(Hey ho, people. Listen up. An auspicious Sunday as we introduce a guest contributor to All Fired Up in the Big Smoke, Sol Chrom. Not only is he an occasional commenter here but he’s also been known to blog over at Posterous, tumblr and OpenFile. A busy, busy man. So we are honoured to have him appear with us. Hopefully the first of many.)
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I’ve tried to avoid the easy snark in reaction to Doug Ford’s musings about turning what’s left of Toronto’s waterfront into a megamall-themed, monorail-adorned, Ferris-wheel-festooned amusement park. It doesn’t do any good to get all riled up and turn into indignant sputtering caricatures of Left-Wing Kooks every time Brother Doug has a brain fart.
But it turns out it wasn’t just a brain fart. Turns out it was something that arose out of a series of private meetings with real estate developers and mall operators. Isn’t this very much like the corruption and backroom dealing Councillor Rob Ford used to rail against and promised to do away with if he was elected mayor? You know, transparency and respect for taxpayers and all that?
There’s not much point in spending a lot of detail on the obvious political arguments. “Who the hell does this guy think he is?” is the easy question. He doesn’t have the mandate to singlehandedly tear up years of planning and consultation, flushing millions of tax dollars down the drain. An easy criticism, and not likely to dissuade anything.
It’s also pretty easy to point out that pawning off capital assets in a one-time fire sale in a half-assed effort to make up an operating deficit isn’t exactly prudent management. Weren’t these guys supposed to be the antidote to years of socialist fiscal ineptitude?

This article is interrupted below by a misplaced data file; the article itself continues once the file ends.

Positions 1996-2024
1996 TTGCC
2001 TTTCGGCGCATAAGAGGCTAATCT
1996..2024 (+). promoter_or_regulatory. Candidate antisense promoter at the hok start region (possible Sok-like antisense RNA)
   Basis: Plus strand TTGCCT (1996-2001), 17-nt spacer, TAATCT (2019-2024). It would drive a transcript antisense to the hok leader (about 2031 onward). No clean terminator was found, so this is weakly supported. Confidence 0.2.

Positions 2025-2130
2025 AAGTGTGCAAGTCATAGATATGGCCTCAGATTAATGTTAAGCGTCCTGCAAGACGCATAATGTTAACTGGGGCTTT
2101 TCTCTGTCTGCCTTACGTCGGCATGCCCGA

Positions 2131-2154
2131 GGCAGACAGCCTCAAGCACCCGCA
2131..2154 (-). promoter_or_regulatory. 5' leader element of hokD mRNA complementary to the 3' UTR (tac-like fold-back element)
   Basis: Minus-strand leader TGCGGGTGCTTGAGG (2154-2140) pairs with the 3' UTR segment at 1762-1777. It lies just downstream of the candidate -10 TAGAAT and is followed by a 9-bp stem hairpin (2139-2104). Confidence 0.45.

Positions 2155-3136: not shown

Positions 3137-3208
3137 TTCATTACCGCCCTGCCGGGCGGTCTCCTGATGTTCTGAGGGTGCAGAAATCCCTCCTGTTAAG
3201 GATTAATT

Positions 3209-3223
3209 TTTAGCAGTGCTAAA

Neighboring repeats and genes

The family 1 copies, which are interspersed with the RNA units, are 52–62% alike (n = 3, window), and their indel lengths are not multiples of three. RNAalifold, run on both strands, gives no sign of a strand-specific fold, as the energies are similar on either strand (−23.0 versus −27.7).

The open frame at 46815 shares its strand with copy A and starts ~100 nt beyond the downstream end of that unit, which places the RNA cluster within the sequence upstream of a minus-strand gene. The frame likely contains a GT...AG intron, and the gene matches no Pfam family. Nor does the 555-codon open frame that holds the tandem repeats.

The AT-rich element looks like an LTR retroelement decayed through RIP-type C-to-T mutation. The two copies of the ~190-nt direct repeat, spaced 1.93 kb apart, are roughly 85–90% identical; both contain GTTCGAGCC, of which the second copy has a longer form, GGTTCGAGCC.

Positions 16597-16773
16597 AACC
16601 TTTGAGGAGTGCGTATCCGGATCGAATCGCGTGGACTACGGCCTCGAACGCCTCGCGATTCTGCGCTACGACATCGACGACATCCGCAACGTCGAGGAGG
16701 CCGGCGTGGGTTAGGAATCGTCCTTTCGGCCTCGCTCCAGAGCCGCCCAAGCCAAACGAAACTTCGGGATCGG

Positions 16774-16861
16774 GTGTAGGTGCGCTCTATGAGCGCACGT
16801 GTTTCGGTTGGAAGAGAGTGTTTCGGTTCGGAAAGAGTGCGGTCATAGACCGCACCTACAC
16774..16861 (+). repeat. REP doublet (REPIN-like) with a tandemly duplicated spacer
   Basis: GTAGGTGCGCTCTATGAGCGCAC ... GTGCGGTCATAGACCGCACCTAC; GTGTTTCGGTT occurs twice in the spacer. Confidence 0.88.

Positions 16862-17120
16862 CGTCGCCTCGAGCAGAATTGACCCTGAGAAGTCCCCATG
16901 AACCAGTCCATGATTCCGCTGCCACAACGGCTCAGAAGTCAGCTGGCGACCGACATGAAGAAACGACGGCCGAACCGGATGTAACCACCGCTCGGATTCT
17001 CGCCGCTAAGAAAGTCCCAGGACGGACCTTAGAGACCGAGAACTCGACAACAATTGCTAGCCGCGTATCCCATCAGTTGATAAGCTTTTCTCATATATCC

One could also ask why this is getting fast-tracked to Executive Committee, but again − easy question. That’s how this bunch operates. Spring it on us with almost no warning and give us less than a week to absorb and discuss. No surprise there either.
No. There’s a much larger and more overarching issue here: whence this pathological compulsion to tear things apart? First Transit City, and now this? Years of planning, study, consultation, remediation, standard-setting, consensus-building, and Team Ford wants to attack it with sledgehammers, tear it to shreds, and set fire to it – and for what? How does this benefit the public? There’s got to be something deeper and more disturbing here than mere impatience with process or the childish desire for payback against David Miller and the nefarious downtown elites.
Once again, it’s worth taking a step back and trying to view this in a larger historical context. While I’m usually reluctant to categorize things in terms of labels, I’m willing to make an exception here, if only because on the surface there seems to be such a correlation between people who identify as “conservative” and support for Team Ford.
But is there? An open letter to the city’s Executive Committee from the Greater Toronto Civic Action Alliance is urging caution on the Port Lands proposals for pretty much the same reasons: it’s not prudent to make wholesale and irrevocable changes to a large body of existing work and tear up years of planning without undertaking a rigorous and transparent process of public consultation: The proposed changes to be discussed at your next meeting are very significant, are not well understood and were not the subject of any substantive debate or discussion in the last municipal election campaign.